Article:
WC [mean (SD)]Waist circumference in cm96.25 (SD = 13.89)103.48 (SD = 13.8)
Active_30_min (Q2) [%(n)]Active at least 30 minutes a day?64.88 (n = 1524)52.27 (n = 403)
Medication (Q3)
Blood pressure medication?40.19 (n = 944)60.18 (n = 464)
High_BS [%(n)] (Q4)Ever measured high blood sugar?7.32 (n = 172)47.47 (n = 366)
Grocer [%(n)] (Q18)Eat vegetable/fruit daily?90.59 (n = 2128)78.99 (n = 609)
Diab_fam [%(n)] (Q6)Diabetes in family?69.65 (n = 1636)61.74 (n = 476)
FPGL [mean (SD)]Fasting plasma glucose level5.26 (SD = 0.44)6.74 (SD = 0.8)
Table 2. Extracted logic features with corresponding LogicRegression rules and descriptions.
Table 2. Extracted logic features with corresponding LogicRegression rules and descriptions.
L1(ATC_J01EE01 or (not Q41))Prescribed sulfadiazine and trimethoprim, or never measured high blood sugar.
L2Q51Seldom eat fruit and vegetable.
L3((ATC_M01AE02 and ATC_J01CE10) or (not SE))Prescribed naproxen and benzathine phenoxymethylpenicillin or not socially endangered.
L4Q494Daily consumption of alcohol in the last 12 months.
L5(MSE or ATC_D01AE15)Medium socially endangered or prescribed antifungals for dermatological use.
Table 3. Selected features with the Least Absolute Shrinkage and Selection Operator (LASSO) on the dataset with numeric and logic features.
Table 3. Selected features with the Least Absolute Shrinkage and Selection Operator (LASSO) on the dataset with numeric and logic features.
+Blood_pressure100Blood pressure
+BMI100Body mass index
+WC100Waist circumference
−L1100Logic feature 1
−L2100Logic feature 2
−L3100Logic feature 3
−Body_height99Body height
+Body_weight83Body weight
Table 4. Selected features with LASSO on the dataset with binary, numeric, and logic features.
Table 4. Selected features with LASSO on the dataset with binary, numeric, and logic features.
−L3100Logic feature 3
−L4100Logic feature 4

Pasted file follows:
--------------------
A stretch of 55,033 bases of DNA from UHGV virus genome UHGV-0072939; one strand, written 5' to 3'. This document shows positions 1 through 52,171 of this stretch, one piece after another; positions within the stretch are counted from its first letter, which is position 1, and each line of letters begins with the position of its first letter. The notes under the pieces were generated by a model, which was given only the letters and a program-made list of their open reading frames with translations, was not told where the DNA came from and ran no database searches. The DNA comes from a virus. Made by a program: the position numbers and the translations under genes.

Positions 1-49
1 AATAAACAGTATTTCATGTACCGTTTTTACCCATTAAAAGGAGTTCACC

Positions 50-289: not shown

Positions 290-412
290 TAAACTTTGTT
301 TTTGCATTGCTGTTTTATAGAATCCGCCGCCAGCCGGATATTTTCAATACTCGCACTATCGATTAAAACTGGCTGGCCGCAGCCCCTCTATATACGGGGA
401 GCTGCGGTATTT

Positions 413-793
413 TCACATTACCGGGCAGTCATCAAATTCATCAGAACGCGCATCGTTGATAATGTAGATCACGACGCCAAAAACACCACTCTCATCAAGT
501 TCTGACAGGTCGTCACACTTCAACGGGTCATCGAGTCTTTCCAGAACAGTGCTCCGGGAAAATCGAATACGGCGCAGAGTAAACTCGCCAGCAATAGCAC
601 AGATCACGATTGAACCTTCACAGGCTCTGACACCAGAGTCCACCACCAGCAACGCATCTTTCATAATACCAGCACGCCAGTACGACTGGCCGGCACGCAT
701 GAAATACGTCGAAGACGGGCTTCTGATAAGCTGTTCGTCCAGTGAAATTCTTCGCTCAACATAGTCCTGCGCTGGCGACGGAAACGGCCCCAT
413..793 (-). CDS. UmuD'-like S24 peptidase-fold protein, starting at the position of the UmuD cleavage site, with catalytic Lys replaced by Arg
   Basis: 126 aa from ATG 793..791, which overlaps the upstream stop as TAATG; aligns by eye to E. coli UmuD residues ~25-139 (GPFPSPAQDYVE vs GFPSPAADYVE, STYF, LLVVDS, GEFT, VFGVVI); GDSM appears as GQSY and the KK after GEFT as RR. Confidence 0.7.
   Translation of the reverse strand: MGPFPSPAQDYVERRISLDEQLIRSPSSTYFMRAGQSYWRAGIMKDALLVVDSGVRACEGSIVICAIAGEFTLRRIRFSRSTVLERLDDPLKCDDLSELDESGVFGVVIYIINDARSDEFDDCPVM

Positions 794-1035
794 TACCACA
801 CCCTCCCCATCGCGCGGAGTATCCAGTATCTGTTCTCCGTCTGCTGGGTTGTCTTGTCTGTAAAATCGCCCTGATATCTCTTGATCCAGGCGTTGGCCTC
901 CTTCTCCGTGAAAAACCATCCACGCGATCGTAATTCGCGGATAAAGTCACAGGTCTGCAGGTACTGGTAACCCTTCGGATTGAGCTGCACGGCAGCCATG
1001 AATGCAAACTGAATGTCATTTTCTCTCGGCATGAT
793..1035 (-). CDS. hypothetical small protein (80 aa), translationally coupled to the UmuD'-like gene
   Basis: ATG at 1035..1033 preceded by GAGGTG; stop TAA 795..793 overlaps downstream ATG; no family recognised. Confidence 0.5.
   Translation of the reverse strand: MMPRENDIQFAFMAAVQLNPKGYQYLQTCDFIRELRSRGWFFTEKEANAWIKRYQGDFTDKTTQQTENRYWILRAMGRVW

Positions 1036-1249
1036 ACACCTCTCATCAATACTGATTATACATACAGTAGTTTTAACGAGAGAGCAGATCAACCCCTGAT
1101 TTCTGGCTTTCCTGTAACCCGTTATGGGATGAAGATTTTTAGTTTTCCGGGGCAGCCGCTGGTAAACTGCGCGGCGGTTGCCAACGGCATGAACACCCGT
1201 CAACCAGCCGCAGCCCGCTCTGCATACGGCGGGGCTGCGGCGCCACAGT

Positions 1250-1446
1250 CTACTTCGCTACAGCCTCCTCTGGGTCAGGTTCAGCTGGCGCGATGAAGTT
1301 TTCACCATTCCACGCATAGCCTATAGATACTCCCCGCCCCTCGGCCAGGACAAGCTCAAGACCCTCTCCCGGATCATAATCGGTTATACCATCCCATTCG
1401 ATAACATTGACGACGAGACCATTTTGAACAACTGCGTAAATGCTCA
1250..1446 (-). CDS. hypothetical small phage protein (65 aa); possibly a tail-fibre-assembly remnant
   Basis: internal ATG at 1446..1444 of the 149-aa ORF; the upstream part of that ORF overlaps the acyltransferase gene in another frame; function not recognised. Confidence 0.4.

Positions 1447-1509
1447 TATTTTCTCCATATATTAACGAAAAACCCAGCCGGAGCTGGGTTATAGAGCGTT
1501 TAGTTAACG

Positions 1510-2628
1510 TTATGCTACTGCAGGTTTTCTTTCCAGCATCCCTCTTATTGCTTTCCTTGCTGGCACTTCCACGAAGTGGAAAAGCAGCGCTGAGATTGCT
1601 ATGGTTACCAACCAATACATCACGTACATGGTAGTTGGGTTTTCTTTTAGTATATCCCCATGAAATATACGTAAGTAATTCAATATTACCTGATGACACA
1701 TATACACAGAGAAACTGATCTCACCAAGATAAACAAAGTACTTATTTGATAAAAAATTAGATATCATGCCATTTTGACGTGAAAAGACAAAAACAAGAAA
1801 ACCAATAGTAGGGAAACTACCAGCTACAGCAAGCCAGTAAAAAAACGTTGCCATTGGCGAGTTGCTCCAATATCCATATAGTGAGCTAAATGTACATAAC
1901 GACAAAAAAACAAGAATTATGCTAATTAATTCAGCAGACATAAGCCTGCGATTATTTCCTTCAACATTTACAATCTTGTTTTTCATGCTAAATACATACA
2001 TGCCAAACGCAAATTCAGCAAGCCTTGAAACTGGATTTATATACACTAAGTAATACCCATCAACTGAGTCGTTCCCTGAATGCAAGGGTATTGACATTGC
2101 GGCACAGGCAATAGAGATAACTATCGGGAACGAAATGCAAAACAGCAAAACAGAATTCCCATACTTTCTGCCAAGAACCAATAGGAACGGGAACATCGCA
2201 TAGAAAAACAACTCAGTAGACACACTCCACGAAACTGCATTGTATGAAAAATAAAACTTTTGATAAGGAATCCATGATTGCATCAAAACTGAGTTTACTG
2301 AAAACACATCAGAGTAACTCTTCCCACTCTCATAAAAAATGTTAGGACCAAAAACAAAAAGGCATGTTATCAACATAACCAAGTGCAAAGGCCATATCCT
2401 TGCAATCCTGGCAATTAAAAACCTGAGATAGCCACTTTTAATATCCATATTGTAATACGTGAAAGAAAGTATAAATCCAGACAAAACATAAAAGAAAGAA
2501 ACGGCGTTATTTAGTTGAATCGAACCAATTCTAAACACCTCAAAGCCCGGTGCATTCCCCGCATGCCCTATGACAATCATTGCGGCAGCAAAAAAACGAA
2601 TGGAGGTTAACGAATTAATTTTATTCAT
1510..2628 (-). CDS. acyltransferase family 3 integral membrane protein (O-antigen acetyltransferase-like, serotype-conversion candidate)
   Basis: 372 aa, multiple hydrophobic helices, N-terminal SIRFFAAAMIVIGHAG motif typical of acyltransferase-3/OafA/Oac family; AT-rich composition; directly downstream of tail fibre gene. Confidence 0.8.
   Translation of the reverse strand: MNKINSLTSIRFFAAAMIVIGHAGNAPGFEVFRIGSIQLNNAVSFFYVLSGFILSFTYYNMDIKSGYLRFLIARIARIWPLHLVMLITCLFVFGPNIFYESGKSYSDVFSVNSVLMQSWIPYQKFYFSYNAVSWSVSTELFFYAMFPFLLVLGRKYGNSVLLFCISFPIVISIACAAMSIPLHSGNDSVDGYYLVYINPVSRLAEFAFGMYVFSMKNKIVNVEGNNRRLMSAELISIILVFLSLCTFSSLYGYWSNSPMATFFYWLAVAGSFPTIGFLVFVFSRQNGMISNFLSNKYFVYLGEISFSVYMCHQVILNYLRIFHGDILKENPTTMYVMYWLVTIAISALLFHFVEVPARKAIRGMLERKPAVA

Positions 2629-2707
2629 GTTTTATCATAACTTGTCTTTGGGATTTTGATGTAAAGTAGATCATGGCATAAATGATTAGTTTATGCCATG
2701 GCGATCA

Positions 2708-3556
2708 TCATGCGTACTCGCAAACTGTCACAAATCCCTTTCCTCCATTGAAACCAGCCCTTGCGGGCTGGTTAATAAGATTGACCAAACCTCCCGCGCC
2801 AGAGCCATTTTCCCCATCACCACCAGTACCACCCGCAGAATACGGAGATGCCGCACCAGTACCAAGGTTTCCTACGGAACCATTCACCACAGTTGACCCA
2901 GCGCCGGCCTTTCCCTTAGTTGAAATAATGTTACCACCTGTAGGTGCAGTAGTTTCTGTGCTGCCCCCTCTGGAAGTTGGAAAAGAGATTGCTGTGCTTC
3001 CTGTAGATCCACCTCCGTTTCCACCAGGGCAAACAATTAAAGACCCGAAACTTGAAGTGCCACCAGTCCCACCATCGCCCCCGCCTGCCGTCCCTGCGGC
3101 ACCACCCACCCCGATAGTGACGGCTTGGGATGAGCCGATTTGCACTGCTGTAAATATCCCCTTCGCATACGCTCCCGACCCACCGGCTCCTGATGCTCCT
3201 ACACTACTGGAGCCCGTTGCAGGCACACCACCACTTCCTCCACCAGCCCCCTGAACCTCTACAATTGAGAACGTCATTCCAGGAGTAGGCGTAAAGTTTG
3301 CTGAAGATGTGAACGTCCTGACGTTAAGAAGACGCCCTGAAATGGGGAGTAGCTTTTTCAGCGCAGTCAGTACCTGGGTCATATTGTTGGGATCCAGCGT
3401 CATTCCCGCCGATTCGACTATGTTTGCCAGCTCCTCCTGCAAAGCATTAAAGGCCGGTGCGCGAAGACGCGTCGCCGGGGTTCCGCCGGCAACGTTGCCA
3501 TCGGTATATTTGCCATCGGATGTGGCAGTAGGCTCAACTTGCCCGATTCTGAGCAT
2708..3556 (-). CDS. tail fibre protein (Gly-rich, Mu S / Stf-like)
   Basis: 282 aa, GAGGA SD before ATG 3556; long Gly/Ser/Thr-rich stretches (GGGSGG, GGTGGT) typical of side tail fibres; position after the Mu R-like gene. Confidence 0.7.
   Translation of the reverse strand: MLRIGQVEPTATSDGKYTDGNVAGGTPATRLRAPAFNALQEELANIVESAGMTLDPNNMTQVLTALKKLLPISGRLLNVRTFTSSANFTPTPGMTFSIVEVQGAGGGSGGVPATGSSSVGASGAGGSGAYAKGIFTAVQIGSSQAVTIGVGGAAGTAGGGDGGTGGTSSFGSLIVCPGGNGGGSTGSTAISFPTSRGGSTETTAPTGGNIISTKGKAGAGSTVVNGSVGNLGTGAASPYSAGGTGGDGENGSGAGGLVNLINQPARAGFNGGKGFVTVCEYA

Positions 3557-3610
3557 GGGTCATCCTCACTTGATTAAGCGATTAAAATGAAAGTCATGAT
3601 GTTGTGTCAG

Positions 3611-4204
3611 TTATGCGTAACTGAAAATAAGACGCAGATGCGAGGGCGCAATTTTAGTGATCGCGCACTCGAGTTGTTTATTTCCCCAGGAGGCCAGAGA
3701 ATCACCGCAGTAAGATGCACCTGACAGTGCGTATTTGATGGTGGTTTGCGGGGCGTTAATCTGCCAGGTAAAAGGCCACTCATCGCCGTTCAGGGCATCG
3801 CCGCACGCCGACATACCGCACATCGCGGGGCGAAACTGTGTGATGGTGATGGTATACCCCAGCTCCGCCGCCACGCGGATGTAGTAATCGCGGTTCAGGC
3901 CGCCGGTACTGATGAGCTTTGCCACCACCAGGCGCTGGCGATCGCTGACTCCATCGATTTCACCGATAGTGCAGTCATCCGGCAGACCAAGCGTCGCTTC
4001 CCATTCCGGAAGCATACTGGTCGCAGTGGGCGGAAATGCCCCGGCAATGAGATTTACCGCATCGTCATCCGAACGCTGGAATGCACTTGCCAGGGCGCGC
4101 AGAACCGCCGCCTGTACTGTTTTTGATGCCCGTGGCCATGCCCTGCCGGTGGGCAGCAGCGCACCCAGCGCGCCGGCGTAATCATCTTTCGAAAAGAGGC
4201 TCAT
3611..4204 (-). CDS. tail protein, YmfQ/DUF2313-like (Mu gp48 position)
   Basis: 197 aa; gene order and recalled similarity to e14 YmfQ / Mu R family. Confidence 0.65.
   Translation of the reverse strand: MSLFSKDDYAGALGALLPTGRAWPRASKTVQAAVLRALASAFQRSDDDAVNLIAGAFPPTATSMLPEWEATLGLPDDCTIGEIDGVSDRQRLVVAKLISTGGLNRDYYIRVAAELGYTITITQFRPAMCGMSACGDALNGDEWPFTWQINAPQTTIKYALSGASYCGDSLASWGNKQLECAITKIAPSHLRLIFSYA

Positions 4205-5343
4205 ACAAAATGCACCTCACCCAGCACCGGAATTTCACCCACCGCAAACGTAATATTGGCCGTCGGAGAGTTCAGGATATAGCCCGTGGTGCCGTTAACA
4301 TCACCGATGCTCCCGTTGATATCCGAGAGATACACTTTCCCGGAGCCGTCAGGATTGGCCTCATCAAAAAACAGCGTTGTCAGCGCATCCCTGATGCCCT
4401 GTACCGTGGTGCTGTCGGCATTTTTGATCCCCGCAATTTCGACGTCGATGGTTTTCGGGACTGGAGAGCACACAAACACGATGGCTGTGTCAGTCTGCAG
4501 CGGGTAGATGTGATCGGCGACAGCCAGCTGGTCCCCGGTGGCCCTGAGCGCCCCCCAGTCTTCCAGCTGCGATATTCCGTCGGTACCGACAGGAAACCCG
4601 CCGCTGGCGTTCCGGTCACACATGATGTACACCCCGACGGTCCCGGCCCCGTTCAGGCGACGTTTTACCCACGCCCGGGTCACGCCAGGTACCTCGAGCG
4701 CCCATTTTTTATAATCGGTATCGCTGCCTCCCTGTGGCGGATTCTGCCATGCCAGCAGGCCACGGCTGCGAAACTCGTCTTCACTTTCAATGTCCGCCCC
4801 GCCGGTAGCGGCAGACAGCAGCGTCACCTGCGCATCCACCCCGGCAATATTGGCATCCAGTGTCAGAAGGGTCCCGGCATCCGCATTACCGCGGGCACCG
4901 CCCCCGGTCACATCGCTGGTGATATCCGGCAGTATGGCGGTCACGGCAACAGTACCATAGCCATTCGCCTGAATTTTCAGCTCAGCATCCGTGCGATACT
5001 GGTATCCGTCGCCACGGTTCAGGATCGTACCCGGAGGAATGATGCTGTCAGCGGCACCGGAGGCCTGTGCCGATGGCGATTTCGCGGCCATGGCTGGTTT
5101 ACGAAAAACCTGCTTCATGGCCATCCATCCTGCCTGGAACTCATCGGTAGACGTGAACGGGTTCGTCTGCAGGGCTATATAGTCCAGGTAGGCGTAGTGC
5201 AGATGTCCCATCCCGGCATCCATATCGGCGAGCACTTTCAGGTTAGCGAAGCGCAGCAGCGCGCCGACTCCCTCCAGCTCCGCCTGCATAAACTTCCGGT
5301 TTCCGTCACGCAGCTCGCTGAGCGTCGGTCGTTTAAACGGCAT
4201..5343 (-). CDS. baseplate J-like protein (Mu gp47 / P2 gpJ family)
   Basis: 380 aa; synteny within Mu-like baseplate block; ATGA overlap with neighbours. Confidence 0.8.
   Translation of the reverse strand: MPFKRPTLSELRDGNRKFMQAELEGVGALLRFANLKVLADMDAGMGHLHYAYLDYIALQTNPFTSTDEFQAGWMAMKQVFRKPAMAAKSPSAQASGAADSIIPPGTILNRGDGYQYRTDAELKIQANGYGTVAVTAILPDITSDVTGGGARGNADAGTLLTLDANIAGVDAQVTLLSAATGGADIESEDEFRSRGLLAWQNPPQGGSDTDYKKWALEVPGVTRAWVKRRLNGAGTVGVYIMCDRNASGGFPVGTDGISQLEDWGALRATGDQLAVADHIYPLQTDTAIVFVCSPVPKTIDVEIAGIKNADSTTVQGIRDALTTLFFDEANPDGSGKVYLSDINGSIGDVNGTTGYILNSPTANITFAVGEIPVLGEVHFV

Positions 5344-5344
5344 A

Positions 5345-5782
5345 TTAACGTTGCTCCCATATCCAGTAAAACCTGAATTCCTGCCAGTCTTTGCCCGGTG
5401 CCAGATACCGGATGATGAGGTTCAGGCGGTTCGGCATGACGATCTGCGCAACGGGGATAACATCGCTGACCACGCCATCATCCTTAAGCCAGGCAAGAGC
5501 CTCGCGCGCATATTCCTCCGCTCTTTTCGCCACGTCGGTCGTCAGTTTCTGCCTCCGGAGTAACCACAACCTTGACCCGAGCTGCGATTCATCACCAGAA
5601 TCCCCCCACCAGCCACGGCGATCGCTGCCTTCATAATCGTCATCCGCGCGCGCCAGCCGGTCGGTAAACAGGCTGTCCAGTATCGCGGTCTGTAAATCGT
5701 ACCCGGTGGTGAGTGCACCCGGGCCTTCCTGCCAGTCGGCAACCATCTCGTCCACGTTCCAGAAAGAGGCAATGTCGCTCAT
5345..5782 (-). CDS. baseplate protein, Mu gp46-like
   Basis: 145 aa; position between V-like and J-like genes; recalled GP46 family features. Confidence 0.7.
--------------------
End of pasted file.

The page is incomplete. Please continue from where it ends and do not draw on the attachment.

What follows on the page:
+L5100Logic feature 5
+Blood_pressure100Blood pressure
+WC100Waist circumference in cm
+Age100Age in years
+Q45100Ever measured high blood sugar? Yes
+Q3293Using drug(s) for lowering blood pressure
+Body_weight87Body weight
+L279Logic attribute 2
−Q32178Most often used oil is vegetable oil
−Non_drinker77No alcohol consumption
−Q58375Handle stress with hardship
+Q6274Parent, brother, or sister have diabetes
+BMI69Body Mass Index
−Q161632 meals per day on average
−Q30151No habit of using salt at the table
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MDPI and ACS Style

Kocbek, S.; Kocbek, P.; Gosak, L.; Fijačko, N.; Štiglic, G. Extracting New Temporal Features to Improve the Interpretability of Undiagnosed Type 2 Diabetes Mellitus Prediction Models. J. Pers. Med. 2022, 12, 368.

AMA Style

Kocbek S, Kocbek P, Gosak L, Fijačko N, Štiglic G. Extracting New Temporal Features to Improve the Interpretability of Undiagnosed Type 2 Diabetes Mellitus Prediction Models. Journal of Personalized Medicine. 2022; 12(3):368.

Chicago/Turabian Style

Kocbek, Simon, Primož Kocbek, Lucija Gosak, Nino Fijačko, and Gregor Štiglic. 2022. "Extracting New Temporal Features to Improve the Interpretability of Undiagnosed Type 2 Diabetes Mellitus Prediction Models" Journal of Personalized Medicine 12, no. 3: 368.